MIT Media lab shows off urban, electric vehicles

Uploaded by networkworld on 10.03.2010

At the opening of its new Media Lab, MIT showed off green urban transportation work. The different
vehicles are known as the Smart Cities project.
One such vehicle is the CityCar, a compact vehicle that can carry two passengers. Four
of the electric vehicles can fit in a parking space that would normally accommodate only
one traditional automobile. The version you see here is a half size scale model.
William Lark Jr. Research Assistant, MIT
"Imagine different stacks located at different nodes throughout the city, shopping centers,
airports, subway stations. You could easily rent one of these vehicles and then drop it
off at another convenient location."
To allow the CityCar to take even less space, MIT researchers designed the car to fold in
half, pulling itself out of a low profile and giving it a smaller overall footprint
while parked. The urban-centric design is also echoed in the technology designed around
the wheels.
"We have what we call wheel robots, where you have each wheel with a drive motor and
suspension and steering built into one unit. That allows you to not only free up the design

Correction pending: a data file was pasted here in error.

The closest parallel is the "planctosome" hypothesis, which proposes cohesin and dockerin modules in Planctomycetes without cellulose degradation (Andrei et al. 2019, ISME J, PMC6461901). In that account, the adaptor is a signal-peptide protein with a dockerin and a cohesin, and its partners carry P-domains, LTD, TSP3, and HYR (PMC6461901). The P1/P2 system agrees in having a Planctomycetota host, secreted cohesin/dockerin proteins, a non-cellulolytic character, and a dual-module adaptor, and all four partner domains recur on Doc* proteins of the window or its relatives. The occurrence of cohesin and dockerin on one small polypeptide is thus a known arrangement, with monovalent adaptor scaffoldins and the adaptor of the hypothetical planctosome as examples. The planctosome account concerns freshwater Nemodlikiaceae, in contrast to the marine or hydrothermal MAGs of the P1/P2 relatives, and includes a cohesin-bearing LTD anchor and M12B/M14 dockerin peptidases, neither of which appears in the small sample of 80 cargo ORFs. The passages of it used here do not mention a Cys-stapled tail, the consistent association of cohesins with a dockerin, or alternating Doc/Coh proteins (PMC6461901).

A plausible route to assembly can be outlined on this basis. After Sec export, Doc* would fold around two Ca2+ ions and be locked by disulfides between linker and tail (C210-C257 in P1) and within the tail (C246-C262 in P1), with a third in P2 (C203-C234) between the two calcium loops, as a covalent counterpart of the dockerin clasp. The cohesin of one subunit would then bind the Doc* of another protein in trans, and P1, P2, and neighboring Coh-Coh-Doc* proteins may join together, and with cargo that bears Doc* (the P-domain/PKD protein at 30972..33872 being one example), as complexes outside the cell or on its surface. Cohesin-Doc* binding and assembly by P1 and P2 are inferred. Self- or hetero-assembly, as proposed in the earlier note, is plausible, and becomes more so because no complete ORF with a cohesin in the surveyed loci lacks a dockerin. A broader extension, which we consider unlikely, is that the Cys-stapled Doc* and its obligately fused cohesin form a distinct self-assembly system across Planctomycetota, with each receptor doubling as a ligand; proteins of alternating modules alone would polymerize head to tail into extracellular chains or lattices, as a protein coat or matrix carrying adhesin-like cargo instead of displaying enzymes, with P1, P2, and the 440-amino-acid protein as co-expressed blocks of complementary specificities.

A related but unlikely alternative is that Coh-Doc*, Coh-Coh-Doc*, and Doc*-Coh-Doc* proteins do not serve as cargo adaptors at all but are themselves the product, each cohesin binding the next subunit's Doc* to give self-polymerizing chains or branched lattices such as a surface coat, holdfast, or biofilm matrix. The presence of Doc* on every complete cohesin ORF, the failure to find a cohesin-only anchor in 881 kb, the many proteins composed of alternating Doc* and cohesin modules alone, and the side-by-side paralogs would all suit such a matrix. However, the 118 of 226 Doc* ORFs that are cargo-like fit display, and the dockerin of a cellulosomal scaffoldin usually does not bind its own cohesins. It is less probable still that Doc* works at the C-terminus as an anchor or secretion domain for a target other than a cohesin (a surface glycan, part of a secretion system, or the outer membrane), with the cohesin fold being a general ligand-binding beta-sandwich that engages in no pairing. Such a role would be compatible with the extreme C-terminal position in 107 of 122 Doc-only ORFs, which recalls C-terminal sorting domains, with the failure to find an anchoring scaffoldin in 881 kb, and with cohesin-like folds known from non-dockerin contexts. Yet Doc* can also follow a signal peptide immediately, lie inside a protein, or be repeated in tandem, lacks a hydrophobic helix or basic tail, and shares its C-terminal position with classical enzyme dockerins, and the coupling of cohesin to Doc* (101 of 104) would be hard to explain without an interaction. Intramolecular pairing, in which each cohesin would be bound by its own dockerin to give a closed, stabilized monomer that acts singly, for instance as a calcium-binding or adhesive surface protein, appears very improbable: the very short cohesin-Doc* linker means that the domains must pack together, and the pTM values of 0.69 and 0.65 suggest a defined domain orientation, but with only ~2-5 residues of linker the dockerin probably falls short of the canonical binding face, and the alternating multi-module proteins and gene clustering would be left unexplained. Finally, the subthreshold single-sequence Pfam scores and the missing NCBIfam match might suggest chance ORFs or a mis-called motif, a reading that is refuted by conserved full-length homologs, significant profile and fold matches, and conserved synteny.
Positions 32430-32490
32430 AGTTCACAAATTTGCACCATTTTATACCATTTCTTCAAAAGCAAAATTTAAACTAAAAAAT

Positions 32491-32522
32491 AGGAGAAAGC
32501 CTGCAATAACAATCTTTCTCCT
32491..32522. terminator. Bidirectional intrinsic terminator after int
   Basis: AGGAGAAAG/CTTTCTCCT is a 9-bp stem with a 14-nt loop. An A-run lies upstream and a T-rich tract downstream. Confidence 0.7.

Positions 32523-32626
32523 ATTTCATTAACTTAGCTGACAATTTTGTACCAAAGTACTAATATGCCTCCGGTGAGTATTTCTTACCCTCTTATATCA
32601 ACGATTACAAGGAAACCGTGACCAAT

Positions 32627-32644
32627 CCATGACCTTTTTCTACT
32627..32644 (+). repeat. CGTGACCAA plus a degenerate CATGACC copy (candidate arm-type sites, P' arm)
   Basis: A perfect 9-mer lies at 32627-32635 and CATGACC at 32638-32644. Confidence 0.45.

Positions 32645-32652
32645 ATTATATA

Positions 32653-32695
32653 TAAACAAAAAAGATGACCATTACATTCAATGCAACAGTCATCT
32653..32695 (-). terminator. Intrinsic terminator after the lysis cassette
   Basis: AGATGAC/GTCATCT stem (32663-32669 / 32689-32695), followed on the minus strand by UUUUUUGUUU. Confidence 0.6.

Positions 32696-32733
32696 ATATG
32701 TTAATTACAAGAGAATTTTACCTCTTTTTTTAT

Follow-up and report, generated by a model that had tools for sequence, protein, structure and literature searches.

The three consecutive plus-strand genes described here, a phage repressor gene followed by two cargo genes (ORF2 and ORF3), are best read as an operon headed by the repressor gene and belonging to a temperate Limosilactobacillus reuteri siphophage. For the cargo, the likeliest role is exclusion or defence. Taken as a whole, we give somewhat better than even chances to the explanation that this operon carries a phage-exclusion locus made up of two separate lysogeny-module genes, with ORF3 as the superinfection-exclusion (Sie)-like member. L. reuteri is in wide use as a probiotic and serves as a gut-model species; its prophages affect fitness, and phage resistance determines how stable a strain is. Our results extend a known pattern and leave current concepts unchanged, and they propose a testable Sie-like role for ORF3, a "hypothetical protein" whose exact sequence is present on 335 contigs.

of the vehicle but also turn each wheel 120 degrees so the vehicle has a lot of freedom
and moves around almost like we do as people. You can move forward as a traditional vehicle,
you translate sideways, spin on a dime and just have unique movements which are very
important in a very tight, congested city."
While the CityCar might be a few years off, MIT is already set to release another product
within the next year. The GreenWheel is a completely self-contained electric motor capable
of around 30 miles per hour that snaps onto the bike you already own.
"Your traditional electric asset bicycle you put a motor on the back, you have to have
a battery somewhere on the frame and you have to wire all that to a controller on your handlebars.
Not that easy. What we have is a central motor, surrounded by lithium ion cells and a control
system all built in a disc unit that snaps onto the back with the wheel on it."
MIT researchers said the GreenWheel seen here is an earlier prototype, with the production
candidate packing twice as much power in about the same space. They expect it to go on sale
within the year for around 1000 US Dollars.
Reporting from MIT Media Lab, I'm Justin Meisinger, IDG News Service.